and 0 to 3600 for counter-clockwise rotation

Robot Model(s): Swervebot

[I/O Port] [Name] [Type] [Description]
 Motor Port 2 rightMotor VEX Motor Right side motor
 Motor Port 3 leftMotor VEX Motor Left side motor
 Analog Port 8 in8 VEX Gyro Top-center mounted,
 away from the Cortex
 --------------------------------------------------------------------------------------------------*/

task main()
 {
 //Completely clear out any previous sensor readings by setting the port to "sensorNone"
 SensorType[in8] = sensorNone;
 wait1Msec(1000);
 //Reconfigure Analog Port 8 as a Gyro sensor and allow time for ROBOTC to calibrate it
 SensorType[in8] = sensorGyro;
 wait1Msec(2000);

//Adjust SensorScale to correct the scaling for your gyro
 //SensorScale[in8] = 260;
 //Adjust SensorFullCount to set the "rollover" point. 3600 sets the rollover point to +/-3600
 //SensorFullCount[in8] = 3600;

//Specify the number of degrees for the robot to turn (1 degree = 10, or 900 = 90 degrees)
 int degrees10 = 900;

//While the absolute value of the gyro is less than the desired rotation...
 while(abs(SensorValue[in8]) < degrees10)
 {
 //...continue turning
 motor[rightMotor] = 25;
 motor[leftMotor] = -25;
 }

//Brief brake to stop some drift
 motor[rightMotor] = -5;
 motor[leftMotor] = 5;
 wait1Msec(250);
 }

Here’s a video of the robot moving, based on the code:

And again, just in case you missed it, a more detailed explanation of the program can be found in this tutorial video:

The VEX Gyro can be purchased from the RoboMatter store.

Written by Jesse Flot

October 13th, 2011 at 5:08 pm

Posted in Cortex,General News,VEX

Tagged with , , ,

Great tutorial on setting up ROBOTC for ’11-’12 FTC season

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Pattonville High School’s Green Army Robotics team has put together a really nice tutorial on how to set up ROBOTC for the 2011-2012 FTC season.

Click here to go to their tutorial:

Setting up ROBOTC for the 2011-2012 FTC Season

Big Thanks to Green Army Robotics for putting so much effort in helping the community!

Written by Vu Nguyen

October 13th, 2011 at 12:55 pm

Posted in FTC,NXT

New Materials added to the VEX Cortex Video Trainer!

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Exciting news! We’ve updated the VEX Cortex Video Trainer with two new sections.

First, we’ve added a section for ROBOTC’s new Natural Language Library. You’ll find tons of print materials, ranging from guides describing each Natural Language command available for the VEX PIC and Cortex to dedicated helper guides for each of the VEX Sensors. You can find the new page in the VEX Cortex Video Trainer by going to the Fundamentals section and choosing Natural Language.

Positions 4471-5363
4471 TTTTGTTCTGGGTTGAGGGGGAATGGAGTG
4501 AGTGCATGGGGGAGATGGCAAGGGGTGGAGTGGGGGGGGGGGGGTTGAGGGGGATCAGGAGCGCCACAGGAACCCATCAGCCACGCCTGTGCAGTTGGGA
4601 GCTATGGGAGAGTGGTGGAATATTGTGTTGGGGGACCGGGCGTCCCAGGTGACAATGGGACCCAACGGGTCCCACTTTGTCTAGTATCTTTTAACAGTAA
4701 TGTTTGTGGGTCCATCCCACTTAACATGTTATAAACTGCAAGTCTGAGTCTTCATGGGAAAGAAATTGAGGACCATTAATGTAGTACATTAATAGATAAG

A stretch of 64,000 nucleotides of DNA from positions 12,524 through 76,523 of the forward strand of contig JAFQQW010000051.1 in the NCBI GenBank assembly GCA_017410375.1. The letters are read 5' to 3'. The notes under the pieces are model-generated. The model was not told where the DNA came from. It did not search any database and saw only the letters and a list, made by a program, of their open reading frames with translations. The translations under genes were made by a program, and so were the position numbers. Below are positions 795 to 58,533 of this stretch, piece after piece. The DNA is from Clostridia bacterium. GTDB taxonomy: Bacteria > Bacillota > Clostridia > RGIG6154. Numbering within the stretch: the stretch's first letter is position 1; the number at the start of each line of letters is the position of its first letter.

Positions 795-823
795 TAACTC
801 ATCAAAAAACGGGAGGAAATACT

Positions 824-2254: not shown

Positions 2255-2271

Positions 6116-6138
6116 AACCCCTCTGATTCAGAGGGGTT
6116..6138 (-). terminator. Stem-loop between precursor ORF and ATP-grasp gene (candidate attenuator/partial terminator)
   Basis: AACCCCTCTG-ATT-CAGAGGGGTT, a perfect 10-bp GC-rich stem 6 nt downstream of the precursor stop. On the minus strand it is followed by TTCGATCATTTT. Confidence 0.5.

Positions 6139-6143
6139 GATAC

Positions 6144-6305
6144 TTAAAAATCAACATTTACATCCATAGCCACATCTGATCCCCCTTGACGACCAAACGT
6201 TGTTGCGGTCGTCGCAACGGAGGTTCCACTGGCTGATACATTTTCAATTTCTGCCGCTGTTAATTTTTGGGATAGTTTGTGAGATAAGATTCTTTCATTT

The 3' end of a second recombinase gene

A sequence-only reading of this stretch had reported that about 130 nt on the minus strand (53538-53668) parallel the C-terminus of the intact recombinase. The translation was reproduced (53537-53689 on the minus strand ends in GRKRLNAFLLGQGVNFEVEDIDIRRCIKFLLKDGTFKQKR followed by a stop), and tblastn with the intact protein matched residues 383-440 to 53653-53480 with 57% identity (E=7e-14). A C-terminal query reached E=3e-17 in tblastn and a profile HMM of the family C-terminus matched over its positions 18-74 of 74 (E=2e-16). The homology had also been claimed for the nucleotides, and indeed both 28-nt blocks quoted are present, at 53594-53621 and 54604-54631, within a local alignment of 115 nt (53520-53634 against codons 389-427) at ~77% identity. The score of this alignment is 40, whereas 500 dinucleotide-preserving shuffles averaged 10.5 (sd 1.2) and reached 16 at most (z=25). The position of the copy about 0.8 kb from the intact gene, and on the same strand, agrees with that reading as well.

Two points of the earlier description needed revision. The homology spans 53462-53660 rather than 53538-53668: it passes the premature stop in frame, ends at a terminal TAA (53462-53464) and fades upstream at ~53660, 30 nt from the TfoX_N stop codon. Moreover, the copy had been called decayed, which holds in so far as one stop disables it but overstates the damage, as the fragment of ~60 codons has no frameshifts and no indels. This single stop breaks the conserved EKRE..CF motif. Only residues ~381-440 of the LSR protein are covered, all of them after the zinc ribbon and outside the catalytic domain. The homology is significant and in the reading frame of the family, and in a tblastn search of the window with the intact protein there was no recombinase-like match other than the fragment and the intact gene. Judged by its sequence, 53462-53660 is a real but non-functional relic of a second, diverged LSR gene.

Second, there are 4 new tutorial videos that show how to use the Ultrasonic Rangefinder, complete with helper guides and programming challenges. You can find them by going to Sensing and choosing Forward until Near.

The VEX Cortex Video Trainer is available for free, online. To purchase a copy that you can install on each computer in your classroom, visit the RoboMatter store.

Written by Jesse Flot

October 12th, 2011 at 2:59 pm

ROBOTC 3.04 is now available!

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Hi all,

We’ve just released ROBOTC 3.04. Head on over to the download pages to download the latest version!

Change log:

  1. Fixed silent updater bug
  2. Modified sensor scale and full count settings for gyros for VEX PIC.
  3. Eliminated deprecated warning for “#pragma platform”. Remove warning on “#pragma competition”
  4. dited BuiltInVariables.txt to include Battery & Power Control category, including 3 new entries for VEX battery level.
  5. Added intrinsic to ROBOTCIntrinsics to return BackupBatterLevel value.
  6. Corrected BuiltInVariables.txt to prevent displayLCDPos from appearing in “Undefined Entries”
  7. Updated BuiltInVariables.txt to reflect additions to VEX Display commands
  8. Modified RobotCIntrinsics.c setLCDPos command to “setLCDPosition”
  9. Merge fixes from 32Bit branch for >160 subroutines.
  10. Rebuild VEX firmware files because they were out of date.
  11. Change text for button on VEX remote screen from “Enter” to “Center”.
  12. Support on Prolific cables for workaround to protocol errors for IFI defined special Cortex messages. Previously was only implemented on integrated USB-to-Serial.
  13. Correct incorrect code generation for a parameter “call by reference” variable which is itself a “call by reference” variable.
  14. Add new intrinsics for VEX LCD to specify line and char position of the “Put”. Add alias “setLCDPos” for “displayLCDPos”
  15. Bump version to 9.04 / 3.04. Rebuild firmware.
  16. Eliminate NXT EXE encrypted file headers. It causes a bug with >160 subroutines on NXT. Need to rebuild NXT firmware to support this change.
  17. When return statement from a “non void” function is unreachable because function contains an infinite loop compiler used to generate an error message that “No return statement from non-void function”. Now it generates a warning that an infinite loop prevents return.